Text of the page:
‘No singing, no joy’: How settlers ruined a Palestinian wedding

Hours before a couple was due to get married, dozens of Israeli settlers torched the salon where the family was getting ready.

Dozens of settlers smashed the salon with rocks and set it on fire by throwing Molotov cocktails at it [Ayman Nobani/Al Jazeera]
Dozens of settlers smashed the salon with rocks and set it on fire by throwing Molotov cocktails at it [Ayman Nobani/Al Jazeera]

Turmus Ayya, occupied West Bank – June 21 was supposed to be one of the happiest days in the lives of the Ahmads*.

Hours before their wedding ceremony, a large-scale attack by hundreds of Israeli settlers on their occupied West Bank village of Turmus Aya turned their lives upside down.

A 27-year-old Palestinian father of two, Omar Qattin, was killed in the attack while at least 30 homes and 60 cars were torched in broad daylight, according to a local official.

“The wedding was supposed to take place in the Turmus Aya Grand Hall. The celebration was cancelled because the space was turned into a funeral hall for the martyr,” an uncle of the couple, 42-year-old Osama Ahmad*, told Al Jazeera.

Instead, a brief ceremony took place at the groom’s house and was restricted to the couple and a handful of relatives.

There was “no singing, no joy”, Osama said.

“The groom was silent and sad the whole time. He was sad and shocked because of the horror of the scene and the loss of joy. He was also sad for his country and for the martyr,” he added.

Before the attack, about a dozen of the bride’s and groom’s female relatives were getting ready in a small salon opened about a year ago by the Ahmad family in the yard of their home.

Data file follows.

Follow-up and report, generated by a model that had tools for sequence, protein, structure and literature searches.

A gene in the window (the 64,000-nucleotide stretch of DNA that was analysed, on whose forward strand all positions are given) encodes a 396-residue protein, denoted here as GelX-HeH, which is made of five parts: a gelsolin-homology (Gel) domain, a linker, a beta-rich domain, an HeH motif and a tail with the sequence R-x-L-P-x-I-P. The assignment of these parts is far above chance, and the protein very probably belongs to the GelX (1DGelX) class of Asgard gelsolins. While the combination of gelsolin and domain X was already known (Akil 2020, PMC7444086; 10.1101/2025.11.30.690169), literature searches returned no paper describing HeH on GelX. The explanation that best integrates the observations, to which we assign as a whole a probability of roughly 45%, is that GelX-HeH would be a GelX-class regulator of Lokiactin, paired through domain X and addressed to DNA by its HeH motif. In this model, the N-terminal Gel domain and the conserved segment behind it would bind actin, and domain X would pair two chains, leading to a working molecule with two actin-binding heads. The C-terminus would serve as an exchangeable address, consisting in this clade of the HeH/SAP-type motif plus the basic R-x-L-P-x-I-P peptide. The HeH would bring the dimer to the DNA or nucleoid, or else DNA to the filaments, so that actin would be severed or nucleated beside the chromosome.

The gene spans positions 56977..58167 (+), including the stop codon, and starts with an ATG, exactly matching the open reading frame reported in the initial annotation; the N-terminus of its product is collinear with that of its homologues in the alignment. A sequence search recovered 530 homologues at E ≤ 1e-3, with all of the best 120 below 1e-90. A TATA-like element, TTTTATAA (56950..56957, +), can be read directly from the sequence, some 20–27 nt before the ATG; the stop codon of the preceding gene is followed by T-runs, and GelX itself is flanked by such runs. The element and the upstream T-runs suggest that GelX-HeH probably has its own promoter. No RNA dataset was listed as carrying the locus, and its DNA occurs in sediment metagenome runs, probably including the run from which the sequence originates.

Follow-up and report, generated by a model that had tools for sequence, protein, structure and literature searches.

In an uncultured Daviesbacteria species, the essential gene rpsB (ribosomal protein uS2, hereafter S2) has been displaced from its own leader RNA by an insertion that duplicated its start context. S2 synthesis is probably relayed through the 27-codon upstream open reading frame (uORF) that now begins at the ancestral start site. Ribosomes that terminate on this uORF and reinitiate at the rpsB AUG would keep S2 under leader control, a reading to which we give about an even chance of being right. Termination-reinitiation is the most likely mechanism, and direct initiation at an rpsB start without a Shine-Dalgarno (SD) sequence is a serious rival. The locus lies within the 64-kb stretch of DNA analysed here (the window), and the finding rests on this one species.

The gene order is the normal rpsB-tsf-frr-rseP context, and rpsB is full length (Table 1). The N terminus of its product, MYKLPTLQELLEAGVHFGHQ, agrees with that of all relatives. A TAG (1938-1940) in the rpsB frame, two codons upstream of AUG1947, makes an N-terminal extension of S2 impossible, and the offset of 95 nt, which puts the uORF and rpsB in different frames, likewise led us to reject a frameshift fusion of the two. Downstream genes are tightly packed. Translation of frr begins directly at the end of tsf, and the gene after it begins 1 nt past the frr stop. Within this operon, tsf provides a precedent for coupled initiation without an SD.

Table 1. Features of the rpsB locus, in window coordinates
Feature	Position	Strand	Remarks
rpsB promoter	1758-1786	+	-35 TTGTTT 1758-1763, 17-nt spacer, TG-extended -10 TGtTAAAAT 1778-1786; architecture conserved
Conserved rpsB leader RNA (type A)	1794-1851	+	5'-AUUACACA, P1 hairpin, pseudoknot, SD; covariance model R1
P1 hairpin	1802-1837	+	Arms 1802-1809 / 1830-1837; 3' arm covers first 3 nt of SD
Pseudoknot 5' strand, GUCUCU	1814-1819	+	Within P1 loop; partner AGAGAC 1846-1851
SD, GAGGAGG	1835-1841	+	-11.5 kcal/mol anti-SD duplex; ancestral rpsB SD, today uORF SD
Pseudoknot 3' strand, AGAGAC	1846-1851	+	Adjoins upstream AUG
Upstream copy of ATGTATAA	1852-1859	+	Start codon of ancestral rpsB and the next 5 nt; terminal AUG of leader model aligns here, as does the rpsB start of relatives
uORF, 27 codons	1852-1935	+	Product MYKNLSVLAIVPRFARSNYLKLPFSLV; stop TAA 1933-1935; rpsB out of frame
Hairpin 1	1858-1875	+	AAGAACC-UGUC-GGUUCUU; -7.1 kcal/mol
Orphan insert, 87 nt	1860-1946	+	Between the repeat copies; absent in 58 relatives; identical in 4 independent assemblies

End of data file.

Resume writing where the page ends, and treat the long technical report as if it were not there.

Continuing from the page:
Dozens of settlers smashed the salon with rocks and set it on fire by throwing Molotov cocktails at it, according to witnesses.

“Frankly, I did not feel for a moment that we would survive or get out alive,” Marwa Ahmad*, one of the women who were inside the salon during the attack, told Al Jazeera.

“We saw masked young men – there were about 100 of them. They besieged the house, started throwing rocks and burned down the salon,” she said.

Those inside used a door and managed to enter the house, she added. “We went to the third floor, and from there, we watched the settlers through cameras. They burned four of our cars, one after the other. Then a group of young Palestinian men came to help us through another entrance into the house.

“The settlers were trying to reach us from different directions, but thank God, the young Palestinian men arrived and got us out. We jumped over a high fence using chairs. We then walked for about 15 minutes on plain dirt roads and under trees and thorns until we reached a safe area.”

turmus aya
Palestinians inspect the damage to one of the Palestinian homes set on fire by Israeli settlers in the West Bank town of Turmus Ayya on June 21 [Majdi Mohammed/AP]

Luay Ahmad*, whose sister owns the salon and whose children were inside the house, arrived shortly after the settlers set fire to it.